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Poppin' magic mushrooms with insects under your skin.

Dark blue icons of video game controllers on a light blue background
Image credit: Eurogamer

Space Invaders made such a significant impact on the videogame world that for a long time after its release, the only reasonable way forward for game designers was to create weird and wonderful variations on the theme. Centipede is a prime example of how the concept could be modified to produce unique and popular titles that still fed the voracious public hunger for single screen shoot-'em-ups.

Playing Centipede is relatively easy - after all, shooting everything that moves takes little in the way of strategic imagination. But explaining the rules, purpose and gameplay is another matter entirely. Although it doesn't detract from the high speed, exciting, hyper-twitch gameplay, no matter how many virtual coins I pour into Centipede I still can't quite fathom what the hell I'm actually supposed to be doing.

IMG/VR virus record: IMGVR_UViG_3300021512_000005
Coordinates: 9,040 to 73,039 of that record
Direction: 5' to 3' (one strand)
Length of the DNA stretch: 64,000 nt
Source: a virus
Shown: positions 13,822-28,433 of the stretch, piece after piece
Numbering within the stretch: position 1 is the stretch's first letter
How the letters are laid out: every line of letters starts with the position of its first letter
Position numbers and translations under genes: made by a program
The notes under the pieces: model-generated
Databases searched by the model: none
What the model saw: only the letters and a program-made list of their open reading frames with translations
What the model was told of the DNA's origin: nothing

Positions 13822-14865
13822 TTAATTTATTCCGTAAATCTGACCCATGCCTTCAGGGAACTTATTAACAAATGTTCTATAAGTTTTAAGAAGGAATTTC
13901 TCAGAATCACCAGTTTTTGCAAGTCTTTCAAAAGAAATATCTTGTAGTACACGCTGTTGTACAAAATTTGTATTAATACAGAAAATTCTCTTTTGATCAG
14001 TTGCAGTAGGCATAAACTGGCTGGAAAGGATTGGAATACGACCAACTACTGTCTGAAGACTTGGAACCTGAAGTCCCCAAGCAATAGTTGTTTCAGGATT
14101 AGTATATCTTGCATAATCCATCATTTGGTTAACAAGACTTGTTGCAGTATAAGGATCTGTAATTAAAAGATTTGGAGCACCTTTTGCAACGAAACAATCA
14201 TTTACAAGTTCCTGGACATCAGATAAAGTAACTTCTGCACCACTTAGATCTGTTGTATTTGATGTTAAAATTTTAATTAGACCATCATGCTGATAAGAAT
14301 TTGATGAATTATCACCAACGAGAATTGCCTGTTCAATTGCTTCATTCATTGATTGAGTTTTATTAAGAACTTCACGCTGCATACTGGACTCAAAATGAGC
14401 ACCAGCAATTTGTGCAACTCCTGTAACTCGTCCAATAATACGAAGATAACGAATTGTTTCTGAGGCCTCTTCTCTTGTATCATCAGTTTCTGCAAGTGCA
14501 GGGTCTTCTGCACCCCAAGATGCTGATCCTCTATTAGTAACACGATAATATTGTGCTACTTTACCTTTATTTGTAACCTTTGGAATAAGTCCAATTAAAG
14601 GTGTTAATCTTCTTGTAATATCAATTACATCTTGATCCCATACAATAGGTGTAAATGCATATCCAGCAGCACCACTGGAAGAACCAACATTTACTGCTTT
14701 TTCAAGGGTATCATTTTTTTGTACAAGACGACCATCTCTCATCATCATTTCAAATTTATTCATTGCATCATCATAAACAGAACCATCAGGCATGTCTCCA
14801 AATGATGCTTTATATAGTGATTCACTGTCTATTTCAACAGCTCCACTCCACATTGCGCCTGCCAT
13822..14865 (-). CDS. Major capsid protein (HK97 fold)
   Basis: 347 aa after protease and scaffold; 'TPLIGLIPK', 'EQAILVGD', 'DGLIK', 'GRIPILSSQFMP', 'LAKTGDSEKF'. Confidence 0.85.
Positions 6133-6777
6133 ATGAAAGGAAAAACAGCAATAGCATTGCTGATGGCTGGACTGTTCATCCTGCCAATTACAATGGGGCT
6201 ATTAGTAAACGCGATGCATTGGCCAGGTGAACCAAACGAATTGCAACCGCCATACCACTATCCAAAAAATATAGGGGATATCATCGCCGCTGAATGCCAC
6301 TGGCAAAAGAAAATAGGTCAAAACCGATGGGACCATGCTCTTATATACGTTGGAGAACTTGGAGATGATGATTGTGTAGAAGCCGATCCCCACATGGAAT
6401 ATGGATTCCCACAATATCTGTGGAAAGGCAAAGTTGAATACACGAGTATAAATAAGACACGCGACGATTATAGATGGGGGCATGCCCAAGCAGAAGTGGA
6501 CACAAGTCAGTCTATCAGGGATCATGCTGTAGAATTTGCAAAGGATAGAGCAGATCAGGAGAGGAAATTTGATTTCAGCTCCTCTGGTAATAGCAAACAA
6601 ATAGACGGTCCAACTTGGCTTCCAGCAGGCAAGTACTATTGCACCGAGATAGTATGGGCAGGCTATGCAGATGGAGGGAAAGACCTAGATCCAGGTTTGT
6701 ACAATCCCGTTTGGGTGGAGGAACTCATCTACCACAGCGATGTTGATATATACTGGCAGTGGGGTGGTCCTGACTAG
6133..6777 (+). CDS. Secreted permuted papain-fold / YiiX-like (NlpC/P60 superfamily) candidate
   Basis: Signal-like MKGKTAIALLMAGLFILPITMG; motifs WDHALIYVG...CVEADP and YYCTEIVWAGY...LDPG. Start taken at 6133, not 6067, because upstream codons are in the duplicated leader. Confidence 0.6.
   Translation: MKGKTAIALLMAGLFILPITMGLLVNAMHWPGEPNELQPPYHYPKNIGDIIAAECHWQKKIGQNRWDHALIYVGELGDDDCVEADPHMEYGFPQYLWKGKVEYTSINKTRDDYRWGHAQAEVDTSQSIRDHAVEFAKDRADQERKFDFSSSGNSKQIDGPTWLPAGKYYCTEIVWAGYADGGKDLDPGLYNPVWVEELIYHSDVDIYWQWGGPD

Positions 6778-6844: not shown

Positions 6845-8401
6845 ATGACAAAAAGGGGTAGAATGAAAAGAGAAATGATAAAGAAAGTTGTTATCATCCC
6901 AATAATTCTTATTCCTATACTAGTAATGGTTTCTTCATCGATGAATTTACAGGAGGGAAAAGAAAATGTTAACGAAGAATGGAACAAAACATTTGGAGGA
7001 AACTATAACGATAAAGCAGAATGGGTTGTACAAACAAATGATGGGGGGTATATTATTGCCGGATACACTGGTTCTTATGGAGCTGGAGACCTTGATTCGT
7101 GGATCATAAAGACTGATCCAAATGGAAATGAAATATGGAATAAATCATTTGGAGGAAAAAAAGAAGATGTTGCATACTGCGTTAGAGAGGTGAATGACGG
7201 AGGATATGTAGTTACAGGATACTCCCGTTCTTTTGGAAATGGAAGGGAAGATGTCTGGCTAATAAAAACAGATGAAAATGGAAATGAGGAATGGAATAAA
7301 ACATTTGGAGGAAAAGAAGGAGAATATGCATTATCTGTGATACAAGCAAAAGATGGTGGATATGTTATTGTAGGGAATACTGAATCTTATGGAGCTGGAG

My ship thing (unverified sources tell me it's a "gnome") has a limited range of free movement around the bottom quarter of the play area. This play area (I'm gonna go out on a limb and say it's a garden) is rife with mushrooms which react in a similar way to the bases in Space Invaders. Enter the game's namesake, which snakes its way down the screen to assail our misshapen gnome. As it hits a mushroom, it about turns and increases it's decent all the more rapidly.

All manner of other creepy crawlies zoom about the screen, adding more fungi, altering the 'shrooms to change the action of the Centipede and generally finding new and inventive ways to end your life. In all honesty, it beggars reason to try and fathom what the hell's going on in Centipede, and trying to do so only serves to ruin much of the game's enjoyment.

Shoot stuff, stay alive, and keep adding credits. That's what Centipede's all about, baby.

7 / 10

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